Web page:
While the world has been focussing on CoP 27 United Nations Climate Conference in Sharm el-Sheikh, Egypt, there is another, related and equally important CoP meeting happening in Panama for the next 10 days – the CITES CoP Conference.

‘CoP’ meeting is the most important meeting in the context of CITES, as Parties take on a significant body of tasks, including the following:

  • Reviewing progress in the conservation of species included in the Appendices;
  • Debating proposals to amend the lists of species in Appendices I and II;
  • Discussing documents and reports from Parties, the Standing Committee, the Animals Committee, the Plants Committee, or the Secretariat;
  • Recommending measures to improve the effectiveness of the Convention, including the drafting and adoption of Resolutions and Decisions to be implemented by all Parties, the Standing Committee, the Scientific Committees and the Secretariat;

Meetings of the Conference of the Parties are attended not only by CITES Parties but also by observers, including representatives of multilateral and non-governmental organizations involved in conservation or trade.

‘CoP 19’ will mark the 19th time that Parties have gathered since the Convention entered into force in 1975.

Some items of interest

  • Thursday 17th November:
    Scaling up efforts to address pangolin trafficking in Africa

    A side event with delegates from Gabon, Government of Kenya, Nigeria Customs, Fauna & Flora International and the IUCN SSC Pangolin SG

  • Tuesday 15th November:
    Coopération internationale pour l’analyse des grandes saisies d’ivoire et de pangolins – l’expérience du laboratoire de génétique du Gabon [International cooperation for the analysis of large seizures of ivory and pangolins – the experience of the genetics laboratory of Gabon]
    A side event held by the Goverment of Gabon
  • Monday 21st November:
    Participation of Local Communities in the Management of Protected Areas and Biodiversity Economy: A South Africa’s People and Parks, Wildlife and Bioprospecting Economy Programmes Implementation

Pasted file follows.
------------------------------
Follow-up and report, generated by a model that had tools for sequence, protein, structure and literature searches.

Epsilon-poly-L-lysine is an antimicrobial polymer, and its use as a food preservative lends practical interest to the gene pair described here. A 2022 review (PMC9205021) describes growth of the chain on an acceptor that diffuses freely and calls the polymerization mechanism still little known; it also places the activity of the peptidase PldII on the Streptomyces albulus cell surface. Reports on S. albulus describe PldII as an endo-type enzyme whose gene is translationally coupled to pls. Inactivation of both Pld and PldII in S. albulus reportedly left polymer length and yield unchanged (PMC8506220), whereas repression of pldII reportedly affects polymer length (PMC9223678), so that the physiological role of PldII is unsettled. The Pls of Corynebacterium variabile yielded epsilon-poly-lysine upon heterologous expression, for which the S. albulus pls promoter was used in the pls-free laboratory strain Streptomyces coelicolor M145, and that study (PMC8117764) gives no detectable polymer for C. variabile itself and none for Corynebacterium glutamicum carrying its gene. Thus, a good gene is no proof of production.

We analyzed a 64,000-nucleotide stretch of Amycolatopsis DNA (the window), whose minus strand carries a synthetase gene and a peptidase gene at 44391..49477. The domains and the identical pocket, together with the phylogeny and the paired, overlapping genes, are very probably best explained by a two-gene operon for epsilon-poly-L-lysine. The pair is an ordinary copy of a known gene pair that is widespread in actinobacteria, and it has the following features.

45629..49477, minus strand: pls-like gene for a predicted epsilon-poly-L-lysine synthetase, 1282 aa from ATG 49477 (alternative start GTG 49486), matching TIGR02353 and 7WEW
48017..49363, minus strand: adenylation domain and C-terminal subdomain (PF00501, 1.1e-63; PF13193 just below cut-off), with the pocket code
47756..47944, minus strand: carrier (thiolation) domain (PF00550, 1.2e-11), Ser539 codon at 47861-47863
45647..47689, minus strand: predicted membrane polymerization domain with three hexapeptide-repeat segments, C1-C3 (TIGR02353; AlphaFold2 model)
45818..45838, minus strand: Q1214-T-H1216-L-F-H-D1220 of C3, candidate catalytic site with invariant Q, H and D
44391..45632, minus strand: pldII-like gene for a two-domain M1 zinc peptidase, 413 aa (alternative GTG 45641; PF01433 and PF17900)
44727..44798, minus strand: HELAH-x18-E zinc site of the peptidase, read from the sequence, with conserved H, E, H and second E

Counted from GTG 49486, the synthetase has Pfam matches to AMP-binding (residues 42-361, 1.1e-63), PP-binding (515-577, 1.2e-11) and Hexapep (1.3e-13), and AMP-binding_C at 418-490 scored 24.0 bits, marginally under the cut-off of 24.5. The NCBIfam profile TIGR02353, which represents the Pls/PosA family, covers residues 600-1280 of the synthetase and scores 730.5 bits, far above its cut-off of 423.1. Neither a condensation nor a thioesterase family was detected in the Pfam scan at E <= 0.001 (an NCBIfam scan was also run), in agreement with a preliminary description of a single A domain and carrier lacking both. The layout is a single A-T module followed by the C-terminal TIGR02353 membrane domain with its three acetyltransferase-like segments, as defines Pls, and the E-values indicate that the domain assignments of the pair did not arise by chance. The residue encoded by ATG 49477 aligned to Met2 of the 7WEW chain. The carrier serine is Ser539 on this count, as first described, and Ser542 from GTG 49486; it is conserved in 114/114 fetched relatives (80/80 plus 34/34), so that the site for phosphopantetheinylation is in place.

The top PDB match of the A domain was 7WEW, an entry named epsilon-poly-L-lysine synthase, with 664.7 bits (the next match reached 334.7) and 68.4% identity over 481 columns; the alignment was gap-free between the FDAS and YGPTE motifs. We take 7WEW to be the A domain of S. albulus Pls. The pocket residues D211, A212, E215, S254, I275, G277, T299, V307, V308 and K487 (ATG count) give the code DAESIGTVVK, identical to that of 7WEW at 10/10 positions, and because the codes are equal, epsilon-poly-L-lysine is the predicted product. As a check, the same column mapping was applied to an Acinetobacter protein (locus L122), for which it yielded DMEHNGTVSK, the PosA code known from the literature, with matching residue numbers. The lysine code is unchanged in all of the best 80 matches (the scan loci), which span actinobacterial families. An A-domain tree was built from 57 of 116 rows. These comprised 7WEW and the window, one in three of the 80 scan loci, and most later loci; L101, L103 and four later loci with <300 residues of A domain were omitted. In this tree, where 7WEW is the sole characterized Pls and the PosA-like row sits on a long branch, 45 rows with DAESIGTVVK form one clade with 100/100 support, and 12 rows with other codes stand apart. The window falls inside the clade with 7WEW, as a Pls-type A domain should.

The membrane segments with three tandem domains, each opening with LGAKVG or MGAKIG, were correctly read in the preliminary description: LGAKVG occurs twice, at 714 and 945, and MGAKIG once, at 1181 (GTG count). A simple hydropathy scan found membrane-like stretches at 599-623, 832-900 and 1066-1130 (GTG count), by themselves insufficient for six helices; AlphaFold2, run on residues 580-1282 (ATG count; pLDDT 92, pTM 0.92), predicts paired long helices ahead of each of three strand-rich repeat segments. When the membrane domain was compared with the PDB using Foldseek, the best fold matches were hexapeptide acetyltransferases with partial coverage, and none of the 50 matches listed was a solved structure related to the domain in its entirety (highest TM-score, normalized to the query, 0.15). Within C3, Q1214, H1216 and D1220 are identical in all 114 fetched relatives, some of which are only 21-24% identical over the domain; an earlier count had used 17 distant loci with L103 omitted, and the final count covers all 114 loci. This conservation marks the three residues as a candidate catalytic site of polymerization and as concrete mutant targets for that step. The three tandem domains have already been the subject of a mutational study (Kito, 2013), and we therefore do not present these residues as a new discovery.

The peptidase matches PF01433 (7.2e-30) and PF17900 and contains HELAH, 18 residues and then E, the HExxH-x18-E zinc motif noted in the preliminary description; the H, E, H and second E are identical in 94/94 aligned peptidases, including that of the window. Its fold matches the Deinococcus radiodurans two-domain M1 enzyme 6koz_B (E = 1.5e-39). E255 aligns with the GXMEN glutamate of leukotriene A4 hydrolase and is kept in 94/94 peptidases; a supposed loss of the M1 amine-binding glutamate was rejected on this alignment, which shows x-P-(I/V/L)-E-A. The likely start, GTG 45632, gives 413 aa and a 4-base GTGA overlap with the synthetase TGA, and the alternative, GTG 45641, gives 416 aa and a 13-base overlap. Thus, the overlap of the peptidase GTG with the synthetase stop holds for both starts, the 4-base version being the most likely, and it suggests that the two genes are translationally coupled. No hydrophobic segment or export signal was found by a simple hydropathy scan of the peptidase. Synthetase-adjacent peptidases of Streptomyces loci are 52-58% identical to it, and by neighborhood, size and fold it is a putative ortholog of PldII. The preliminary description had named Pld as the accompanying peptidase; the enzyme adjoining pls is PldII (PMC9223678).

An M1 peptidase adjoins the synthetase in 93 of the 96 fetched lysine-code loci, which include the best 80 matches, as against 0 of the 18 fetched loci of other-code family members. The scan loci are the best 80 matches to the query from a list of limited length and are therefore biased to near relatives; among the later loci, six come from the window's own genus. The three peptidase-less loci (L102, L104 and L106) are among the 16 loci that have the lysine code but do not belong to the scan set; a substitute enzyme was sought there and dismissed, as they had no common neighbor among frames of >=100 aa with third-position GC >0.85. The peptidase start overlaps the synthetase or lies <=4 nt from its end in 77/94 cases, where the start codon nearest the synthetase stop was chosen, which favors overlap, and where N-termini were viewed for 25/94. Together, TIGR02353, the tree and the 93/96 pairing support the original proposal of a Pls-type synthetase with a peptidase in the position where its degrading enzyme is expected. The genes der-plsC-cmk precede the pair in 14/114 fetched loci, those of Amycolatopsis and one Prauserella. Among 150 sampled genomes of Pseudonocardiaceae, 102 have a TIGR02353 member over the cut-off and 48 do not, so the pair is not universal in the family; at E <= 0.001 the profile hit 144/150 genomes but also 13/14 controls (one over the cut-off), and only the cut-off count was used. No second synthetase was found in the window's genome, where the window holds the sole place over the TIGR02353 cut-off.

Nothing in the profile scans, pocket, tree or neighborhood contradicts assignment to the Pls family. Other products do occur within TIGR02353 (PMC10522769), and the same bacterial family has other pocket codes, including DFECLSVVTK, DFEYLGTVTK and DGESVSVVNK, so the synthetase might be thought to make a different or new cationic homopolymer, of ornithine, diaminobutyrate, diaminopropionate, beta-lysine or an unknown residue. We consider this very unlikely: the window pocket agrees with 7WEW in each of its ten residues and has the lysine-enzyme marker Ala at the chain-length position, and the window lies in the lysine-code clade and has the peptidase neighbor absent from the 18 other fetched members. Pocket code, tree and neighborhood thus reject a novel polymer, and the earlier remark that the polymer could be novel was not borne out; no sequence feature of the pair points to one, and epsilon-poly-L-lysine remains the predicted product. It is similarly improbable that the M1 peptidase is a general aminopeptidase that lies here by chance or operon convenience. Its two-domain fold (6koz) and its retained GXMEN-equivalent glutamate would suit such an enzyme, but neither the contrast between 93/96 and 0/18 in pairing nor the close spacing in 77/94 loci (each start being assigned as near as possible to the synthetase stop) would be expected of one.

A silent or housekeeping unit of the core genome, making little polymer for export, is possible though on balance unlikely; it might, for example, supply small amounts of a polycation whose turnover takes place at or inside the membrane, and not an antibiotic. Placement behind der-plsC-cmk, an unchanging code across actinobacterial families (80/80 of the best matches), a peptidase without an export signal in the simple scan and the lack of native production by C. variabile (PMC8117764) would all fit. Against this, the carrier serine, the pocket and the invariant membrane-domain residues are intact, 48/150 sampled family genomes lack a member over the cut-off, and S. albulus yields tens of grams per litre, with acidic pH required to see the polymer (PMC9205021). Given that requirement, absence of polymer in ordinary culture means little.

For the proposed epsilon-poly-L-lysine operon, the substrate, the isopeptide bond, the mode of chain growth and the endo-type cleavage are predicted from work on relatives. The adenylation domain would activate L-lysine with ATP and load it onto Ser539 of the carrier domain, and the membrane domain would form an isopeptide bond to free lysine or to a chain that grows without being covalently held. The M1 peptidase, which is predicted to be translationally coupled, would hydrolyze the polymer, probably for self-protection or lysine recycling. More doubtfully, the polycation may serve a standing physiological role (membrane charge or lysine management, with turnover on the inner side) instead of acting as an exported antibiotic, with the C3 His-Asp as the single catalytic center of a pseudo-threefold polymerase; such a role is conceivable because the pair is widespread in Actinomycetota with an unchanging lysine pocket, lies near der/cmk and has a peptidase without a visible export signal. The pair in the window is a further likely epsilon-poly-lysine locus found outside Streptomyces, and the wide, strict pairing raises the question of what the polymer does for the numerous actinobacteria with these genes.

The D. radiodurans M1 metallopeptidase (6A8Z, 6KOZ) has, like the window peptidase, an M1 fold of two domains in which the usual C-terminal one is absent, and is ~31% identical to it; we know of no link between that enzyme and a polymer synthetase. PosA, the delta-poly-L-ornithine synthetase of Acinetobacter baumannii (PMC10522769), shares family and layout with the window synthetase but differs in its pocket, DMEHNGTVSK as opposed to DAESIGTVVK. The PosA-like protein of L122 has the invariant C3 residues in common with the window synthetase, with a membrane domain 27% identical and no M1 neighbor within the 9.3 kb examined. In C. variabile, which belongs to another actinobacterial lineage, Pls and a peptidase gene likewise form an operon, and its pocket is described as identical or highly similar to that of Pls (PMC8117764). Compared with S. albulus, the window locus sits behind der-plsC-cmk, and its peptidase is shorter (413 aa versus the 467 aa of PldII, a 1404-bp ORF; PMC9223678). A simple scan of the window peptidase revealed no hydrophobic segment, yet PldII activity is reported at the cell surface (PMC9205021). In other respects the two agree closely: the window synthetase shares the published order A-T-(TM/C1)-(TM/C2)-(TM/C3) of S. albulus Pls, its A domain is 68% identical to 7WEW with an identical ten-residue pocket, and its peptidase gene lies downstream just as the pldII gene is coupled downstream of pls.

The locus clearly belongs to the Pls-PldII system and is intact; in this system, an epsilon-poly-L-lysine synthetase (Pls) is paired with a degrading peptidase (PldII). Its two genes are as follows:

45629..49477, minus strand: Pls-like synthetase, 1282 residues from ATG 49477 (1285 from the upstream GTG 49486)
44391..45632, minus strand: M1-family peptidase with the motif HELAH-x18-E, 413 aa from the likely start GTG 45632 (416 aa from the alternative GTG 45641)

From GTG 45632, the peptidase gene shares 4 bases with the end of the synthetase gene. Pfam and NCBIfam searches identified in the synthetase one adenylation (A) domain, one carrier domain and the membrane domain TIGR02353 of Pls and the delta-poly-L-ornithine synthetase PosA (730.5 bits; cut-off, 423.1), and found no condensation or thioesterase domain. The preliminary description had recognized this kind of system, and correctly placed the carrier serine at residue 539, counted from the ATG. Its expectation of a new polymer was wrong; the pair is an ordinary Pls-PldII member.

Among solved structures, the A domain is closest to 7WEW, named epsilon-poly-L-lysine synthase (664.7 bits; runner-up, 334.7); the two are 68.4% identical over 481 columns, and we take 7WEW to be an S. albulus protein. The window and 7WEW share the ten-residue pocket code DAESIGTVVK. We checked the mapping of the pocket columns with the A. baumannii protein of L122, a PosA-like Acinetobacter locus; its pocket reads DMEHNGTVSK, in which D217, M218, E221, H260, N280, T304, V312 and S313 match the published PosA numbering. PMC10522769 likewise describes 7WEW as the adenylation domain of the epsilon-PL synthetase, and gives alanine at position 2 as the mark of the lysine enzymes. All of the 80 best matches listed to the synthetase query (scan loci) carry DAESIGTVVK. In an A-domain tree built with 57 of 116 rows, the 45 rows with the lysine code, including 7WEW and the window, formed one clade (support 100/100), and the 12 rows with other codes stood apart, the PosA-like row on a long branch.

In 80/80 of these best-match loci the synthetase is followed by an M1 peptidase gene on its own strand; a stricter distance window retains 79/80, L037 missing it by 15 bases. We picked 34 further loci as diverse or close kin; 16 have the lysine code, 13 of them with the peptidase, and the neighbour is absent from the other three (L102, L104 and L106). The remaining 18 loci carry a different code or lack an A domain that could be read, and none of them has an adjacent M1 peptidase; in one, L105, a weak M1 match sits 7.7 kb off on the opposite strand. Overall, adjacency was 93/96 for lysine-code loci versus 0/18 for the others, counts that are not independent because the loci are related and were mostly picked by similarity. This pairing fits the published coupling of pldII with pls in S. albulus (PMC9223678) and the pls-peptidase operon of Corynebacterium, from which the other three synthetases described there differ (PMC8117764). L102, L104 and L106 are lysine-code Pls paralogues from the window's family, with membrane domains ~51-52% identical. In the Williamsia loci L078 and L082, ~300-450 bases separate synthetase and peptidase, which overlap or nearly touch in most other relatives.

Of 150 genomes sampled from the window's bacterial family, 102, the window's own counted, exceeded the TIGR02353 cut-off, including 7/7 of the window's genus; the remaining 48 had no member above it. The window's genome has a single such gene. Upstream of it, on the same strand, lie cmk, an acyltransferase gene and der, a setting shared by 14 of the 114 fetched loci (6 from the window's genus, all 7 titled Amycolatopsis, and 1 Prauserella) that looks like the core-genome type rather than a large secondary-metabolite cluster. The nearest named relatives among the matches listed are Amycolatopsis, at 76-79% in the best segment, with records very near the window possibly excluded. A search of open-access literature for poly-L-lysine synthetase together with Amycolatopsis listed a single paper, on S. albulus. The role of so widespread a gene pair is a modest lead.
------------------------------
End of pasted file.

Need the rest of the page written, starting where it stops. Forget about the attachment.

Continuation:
A side event hosted by the South African Department of Forestry Fisheries and the Environment
  • Tuesday 22 November:
    Creating a coordinated approach to combat wildlife crime linked to the internet
    A side event hosted by Costa Rica and IFAW

There are many interesting subjects under discussion. To see the entire list, click here


To visit the Cites Website, click here

To download documents from the agenda, click here

To live stream the sessions of this conference, click here.

Committee 2 deals with implementation matters, including species-specific matters. From Tuesday 15th onwards, you can livestream either Committee 1 or Committee 2.Live streaming starts at around 14h00 in South Africa (Panama is several hours behind us)

Wildlife trafficking on the internet

There are a few items on the agenda focusing on combating the role played by the internet in connecting traffickers to potential clients. To illustrate this very serious point, here is an article that appeared in the South China Morning Post today. It exposes some of the social media channels used to sell animals and their parts

On a ‘Buy and Sell Wildlife’ Facebook page, a broker proudly shows off photos featuring kilos of two-inch scales from the pangolin – a mammal whose skin and scales have made it one of the world’s most trafficked creatures.

We hope you can attend some of these discussion, albeit virtually, and if you feel strongly about the issues on hand, take action by supporting local conservation efforts to stop the illegal trade in wildlife.